Sub_Urban Riot: Grassroots Beginning, Hollywood Connection

Sub_Urban Riot is a fashion-forward lifestyle brand that feels luxury is no longer fueled by price point but the quality of life you live and the company you keep. The brand was born in Los Angeles’ Venice neighborhood in 2006 and has since moved to the LA Fashion District in downtown Los Angeles.

Since the very beginning, Sub_Urban Riot has had a strong grassroots following, which has since blossomed into sitcoms and celebrities who frequently are seen in the collection. In 2006, Sub_Urban Riot founders Nate Koach and Jason Reed began designing tees for the actors on “It’s Always Sunny in Philadelphia.” What started out as some friends asking to do a wardrobe pull for their show with a few goofy tees has turned into a planned part of the characters’ personalities over the seasons. “It’s a unique relationship that has allowed Sub_Urban Riot and ‘Sunny’ to have fun with the characters and add some dimension to their roles and the ridiculousness they embody,” Koach said.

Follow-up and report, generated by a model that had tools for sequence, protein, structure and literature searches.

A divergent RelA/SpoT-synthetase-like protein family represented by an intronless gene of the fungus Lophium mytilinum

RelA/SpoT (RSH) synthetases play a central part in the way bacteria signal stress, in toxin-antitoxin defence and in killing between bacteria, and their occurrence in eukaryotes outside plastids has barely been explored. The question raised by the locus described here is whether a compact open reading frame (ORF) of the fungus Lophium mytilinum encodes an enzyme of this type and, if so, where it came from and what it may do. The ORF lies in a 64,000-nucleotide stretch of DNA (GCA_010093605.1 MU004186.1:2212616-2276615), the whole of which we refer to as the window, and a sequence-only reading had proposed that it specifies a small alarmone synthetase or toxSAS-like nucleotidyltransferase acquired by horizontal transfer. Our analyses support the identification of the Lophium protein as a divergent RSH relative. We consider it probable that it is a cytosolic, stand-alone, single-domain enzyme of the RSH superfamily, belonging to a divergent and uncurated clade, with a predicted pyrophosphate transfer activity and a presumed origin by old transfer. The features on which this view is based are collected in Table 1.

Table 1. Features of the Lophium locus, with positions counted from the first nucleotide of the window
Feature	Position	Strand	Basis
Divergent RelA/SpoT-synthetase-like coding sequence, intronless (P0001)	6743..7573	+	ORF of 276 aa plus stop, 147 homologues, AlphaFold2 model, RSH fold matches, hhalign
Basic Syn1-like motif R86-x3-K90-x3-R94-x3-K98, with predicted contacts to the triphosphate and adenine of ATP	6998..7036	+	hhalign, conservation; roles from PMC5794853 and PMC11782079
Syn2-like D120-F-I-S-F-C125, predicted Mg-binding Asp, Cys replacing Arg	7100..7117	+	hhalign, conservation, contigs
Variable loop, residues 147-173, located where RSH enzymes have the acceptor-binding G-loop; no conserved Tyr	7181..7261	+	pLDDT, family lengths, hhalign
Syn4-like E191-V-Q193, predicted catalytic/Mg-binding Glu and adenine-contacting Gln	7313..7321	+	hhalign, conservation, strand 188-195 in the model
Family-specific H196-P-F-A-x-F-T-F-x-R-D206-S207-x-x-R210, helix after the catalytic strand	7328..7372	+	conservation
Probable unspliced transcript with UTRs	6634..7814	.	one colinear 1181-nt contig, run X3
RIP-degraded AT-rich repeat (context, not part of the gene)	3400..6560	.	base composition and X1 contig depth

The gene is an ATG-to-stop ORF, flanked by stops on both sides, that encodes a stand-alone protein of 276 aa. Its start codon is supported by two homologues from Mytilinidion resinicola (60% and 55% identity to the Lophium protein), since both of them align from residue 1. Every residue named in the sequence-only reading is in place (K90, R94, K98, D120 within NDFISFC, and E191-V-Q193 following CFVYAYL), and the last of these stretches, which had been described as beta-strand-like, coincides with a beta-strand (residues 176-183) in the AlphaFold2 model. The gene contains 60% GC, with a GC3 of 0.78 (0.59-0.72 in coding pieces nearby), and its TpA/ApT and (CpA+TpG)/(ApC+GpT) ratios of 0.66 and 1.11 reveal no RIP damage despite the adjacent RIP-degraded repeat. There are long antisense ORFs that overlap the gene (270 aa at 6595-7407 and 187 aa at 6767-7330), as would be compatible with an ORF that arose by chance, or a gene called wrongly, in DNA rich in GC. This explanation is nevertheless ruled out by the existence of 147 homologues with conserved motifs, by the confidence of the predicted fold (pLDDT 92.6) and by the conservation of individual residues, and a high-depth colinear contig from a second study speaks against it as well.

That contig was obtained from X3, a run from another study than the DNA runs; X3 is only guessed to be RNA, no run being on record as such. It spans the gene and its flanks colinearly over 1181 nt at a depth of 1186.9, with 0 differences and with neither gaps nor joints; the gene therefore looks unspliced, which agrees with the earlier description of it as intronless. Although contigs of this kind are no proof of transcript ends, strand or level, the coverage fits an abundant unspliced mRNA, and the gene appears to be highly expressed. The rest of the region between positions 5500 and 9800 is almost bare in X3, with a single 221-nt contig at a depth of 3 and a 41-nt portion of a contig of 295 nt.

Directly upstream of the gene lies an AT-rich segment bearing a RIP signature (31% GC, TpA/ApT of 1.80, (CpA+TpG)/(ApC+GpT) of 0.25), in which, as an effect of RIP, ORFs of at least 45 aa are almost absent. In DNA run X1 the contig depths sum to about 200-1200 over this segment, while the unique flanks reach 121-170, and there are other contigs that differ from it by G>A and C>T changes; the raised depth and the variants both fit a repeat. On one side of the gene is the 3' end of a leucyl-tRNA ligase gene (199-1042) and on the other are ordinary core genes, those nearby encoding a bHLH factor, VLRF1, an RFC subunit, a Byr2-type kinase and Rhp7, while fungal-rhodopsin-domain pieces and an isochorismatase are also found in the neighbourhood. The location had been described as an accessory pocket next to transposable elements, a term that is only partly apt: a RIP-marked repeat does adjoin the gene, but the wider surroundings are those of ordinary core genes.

The collection includes tees, tanks, shorts, pants, sweats and outerwear for men and women, plus dresses and skirts for women and numerous unisex accessories. Designs are inspired by simple, modern execution while peppering the pieces with cool design elements, all at mid-level price points.

While roughly 80 percent of the company’s business remains wholesale, last year Sub_Urban Riot opened a flagship store at 111 W. Seventh St. above the company’s offices.

Downtown Los Angeles plays a role in Sub_Urban Riot’s production, as well. The company currently manufactures 80 percent of everything they make in the downtown Los Angeles area. “Profits are smaller, but we enjoy keeping it local,” Koach said. “All of our cut-and-sew operations are located within a 20-minute drive of downtown Los Angeles, which keeps a little more money in the hands of real, working Americans.” 

The line is sold in more than 150 retail locations across the United States, including Bloomingdale’s, Nordstrom and Urban Outfitters, as well as retailers in Japan and Canada.

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